Review Summary: Cyanotic's latest offers the best things about industrial metal - pounding beats, crushing guitars, cleverly placed samples, and a seething rage that actually has something to say.
In this day and age, there are a great deal of things more rewarding than being a fan of industrial - like picking your nose, for instance. The last decade (some would argue longer) has seen the genre revert to little more than bad techno with more creativity lent to its obnoxious image than the watered down loops of the music. The exception, however, is when a band like Cyanotic comes along. Their debut, 2005's Transhuman, was a proverbial breath of fresh air, utilizing basic industrial conventions but giving them a new, interesting take. Their long awaited sophomore effort, The Medication Generation, is every bit as good as its predecessor, not only capitalizing on what made it great but adopting a stronger sense of adventure as well. Ultimately, it offers the best things about industrial metal - pounding beats, crushing guitars, cleverly placed samples, and a seething rage that actually has something to say.
While the album's themes of overstimulation, drug use, and societal ills are hardly revelatory, their presentation feels highly genuine. For example, drugs are never glorified or lectured over so much as discussed (well, as much as a roaring, distorted voice can discuss). The feelings of alienation and frustration are also expressed quite well; in lesser hands the lyrical template "We are the _____ of the _____" would sound extremely hackneyed, but here it's very easy to get behind. Nothing feels as if handled with a single dimension; even "fA510n v1k+um5," which details a clear irritation with the current music scene, does so with a surprising sense of humor - a few measures after frontman Sean Payne sardonically growls "This beat is merciless" is a sample of Chuck D.'s enthusiastic "Bring that beat back!"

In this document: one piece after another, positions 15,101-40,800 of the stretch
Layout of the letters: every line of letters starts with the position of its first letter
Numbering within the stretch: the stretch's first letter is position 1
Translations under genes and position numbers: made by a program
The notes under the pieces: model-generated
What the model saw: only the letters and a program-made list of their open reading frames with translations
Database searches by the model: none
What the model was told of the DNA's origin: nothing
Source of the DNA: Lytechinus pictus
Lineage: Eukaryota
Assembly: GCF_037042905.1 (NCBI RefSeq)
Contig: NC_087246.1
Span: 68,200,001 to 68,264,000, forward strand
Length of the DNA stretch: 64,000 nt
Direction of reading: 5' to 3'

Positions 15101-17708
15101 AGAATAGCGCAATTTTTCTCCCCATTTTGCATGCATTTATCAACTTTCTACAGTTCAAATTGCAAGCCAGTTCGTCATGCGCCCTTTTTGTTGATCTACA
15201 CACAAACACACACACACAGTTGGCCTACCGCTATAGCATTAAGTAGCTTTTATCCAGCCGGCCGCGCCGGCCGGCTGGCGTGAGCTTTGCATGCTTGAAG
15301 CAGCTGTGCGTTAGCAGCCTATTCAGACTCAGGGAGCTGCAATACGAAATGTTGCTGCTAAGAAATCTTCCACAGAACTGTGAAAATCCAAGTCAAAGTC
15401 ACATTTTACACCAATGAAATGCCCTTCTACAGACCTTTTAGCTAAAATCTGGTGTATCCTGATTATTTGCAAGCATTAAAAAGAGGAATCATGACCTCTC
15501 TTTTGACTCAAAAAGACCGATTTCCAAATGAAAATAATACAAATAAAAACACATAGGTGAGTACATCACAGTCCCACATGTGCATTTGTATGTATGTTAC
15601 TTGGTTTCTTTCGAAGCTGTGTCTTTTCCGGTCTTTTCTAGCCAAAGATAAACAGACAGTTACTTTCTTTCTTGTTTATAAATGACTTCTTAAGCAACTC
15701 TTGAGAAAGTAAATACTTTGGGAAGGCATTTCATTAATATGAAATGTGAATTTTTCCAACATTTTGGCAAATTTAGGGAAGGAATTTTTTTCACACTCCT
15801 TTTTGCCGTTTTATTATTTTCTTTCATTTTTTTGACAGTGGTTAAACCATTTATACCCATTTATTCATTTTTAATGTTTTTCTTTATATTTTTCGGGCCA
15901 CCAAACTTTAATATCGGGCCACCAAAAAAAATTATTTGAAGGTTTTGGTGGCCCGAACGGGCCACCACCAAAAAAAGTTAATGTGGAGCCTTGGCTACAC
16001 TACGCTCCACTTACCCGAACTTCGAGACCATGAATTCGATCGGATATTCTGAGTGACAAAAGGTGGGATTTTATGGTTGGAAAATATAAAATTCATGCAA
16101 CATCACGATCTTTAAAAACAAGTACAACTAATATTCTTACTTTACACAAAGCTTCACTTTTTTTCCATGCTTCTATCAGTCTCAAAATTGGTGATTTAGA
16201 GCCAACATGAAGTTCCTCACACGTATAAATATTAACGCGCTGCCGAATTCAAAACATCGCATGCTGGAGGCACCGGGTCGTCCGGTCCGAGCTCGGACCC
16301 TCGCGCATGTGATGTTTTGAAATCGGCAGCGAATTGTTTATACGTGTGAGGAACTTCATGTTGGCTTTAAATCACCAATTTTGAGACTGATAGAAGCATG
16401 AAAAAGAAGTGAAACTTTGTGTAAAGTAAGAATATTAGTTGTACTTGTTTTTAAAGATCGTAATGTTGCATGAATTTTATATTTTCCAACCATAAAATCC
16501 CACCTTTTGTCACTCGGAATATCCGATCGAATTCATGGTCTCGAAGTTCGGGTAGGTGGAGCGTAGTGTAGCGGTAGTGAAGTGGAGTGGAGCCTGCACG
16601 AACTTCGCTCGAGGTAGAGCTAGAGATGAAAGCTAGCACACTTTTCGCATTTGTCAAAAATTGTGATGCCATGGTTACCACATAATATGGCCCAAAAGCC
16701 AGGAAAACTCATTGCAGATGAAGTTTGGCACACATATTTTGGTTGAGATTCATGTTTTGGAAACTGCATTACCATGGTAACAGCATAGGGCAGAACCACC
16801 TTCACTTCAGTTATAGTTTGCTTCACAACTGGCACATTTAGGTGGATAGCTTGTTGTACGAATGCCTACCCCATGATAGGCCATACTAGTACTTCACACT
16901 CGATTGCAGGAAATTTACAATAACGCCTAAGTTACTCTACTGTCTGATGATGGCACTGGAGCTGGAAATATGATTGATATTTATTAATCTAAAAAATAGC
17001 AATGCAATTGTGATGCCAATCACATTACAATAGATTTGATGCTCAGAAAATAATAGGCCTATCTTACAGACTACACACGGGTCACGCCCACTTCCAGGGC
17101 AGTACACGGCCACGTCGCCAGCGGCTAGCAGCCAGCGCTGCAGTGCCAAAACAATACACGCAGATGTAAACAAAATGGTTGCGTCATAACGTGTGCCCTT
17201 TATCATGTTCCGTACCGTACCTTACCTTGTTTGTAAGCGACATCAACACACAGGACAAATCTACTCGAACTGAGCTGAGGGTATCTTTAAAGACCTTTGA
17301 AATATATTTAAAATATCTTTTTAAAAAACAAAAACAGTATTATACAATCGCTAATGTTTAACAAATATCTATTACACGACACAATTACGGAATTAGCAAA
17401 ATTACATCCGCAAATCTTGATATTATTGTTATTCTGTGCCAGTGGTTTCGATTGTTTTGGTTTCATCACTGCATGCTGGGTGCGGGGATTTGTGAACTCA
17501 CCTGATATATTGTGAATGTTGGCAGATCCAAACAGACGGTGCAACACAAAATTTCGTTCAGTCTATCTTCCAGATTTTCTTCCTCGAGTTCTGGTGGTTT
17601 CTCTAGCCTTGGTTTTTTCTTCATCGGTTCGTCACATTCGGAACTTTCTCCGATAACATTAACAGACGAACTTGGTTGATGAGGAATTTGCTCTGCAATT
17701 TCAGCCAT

What really sells it is how many different styles are at work. While the pummeling blast beat-led "Dose Responsive" and "Sentient" (by far the most metallic songs on the album) sound great, there are different approaches taken here as well. "Efficacy" is a glitch-heavy left field electronica exploration, but with a dark air that keeps it from seeming out of place. "The Static Screens (In Syndication)" and "Brutal Deluxe" are driven by aggressive breakbeats that call to mind the finest moments of Pitchshifter and latter day Cubanate, with the latter track being one of the heaviest here, despite being one of the least reliant on guitars. Then there is "Monochrome Skies," which is easily the best melancholic industrial metal this side of Ministry's "Scarecrow," with a deliberate build-up, powerful groove, and fantastic layering.
Repeated listens show that The Medication Generation was crafted with painstaking detail, even if judging solely by the samples being used. A Scanner Darkly, Videodrome, processed Slayer riffs, Homer Simpson, and God knows what else is meticulously placed in the mix to help Payne convey his point. And there is a point to each and every one used, which is the beauty of it; nothing is done simply for sake of sounding good, everything is an extension of Payne's social commentary. "Programmed" and its introductory track "The Same" brilliantly use a sample from the film Palindromes to introduce the former track's musing over growing complacence with the idea of helplessness over bettering oneself. The somber "Comadose" is a bit more straight forward, centering around a listless guitar and Payne's murmurings of "I wish I felt safe, I wish I knew my place" and culminating in yet another like-minded sample. Not a moment is wasted here, and the result is a highly dense album which makes it clear that the band has been quite busy for the last five years. This isn't just the year's best industrial metal, The Medication Generation is a lesson in how to make it.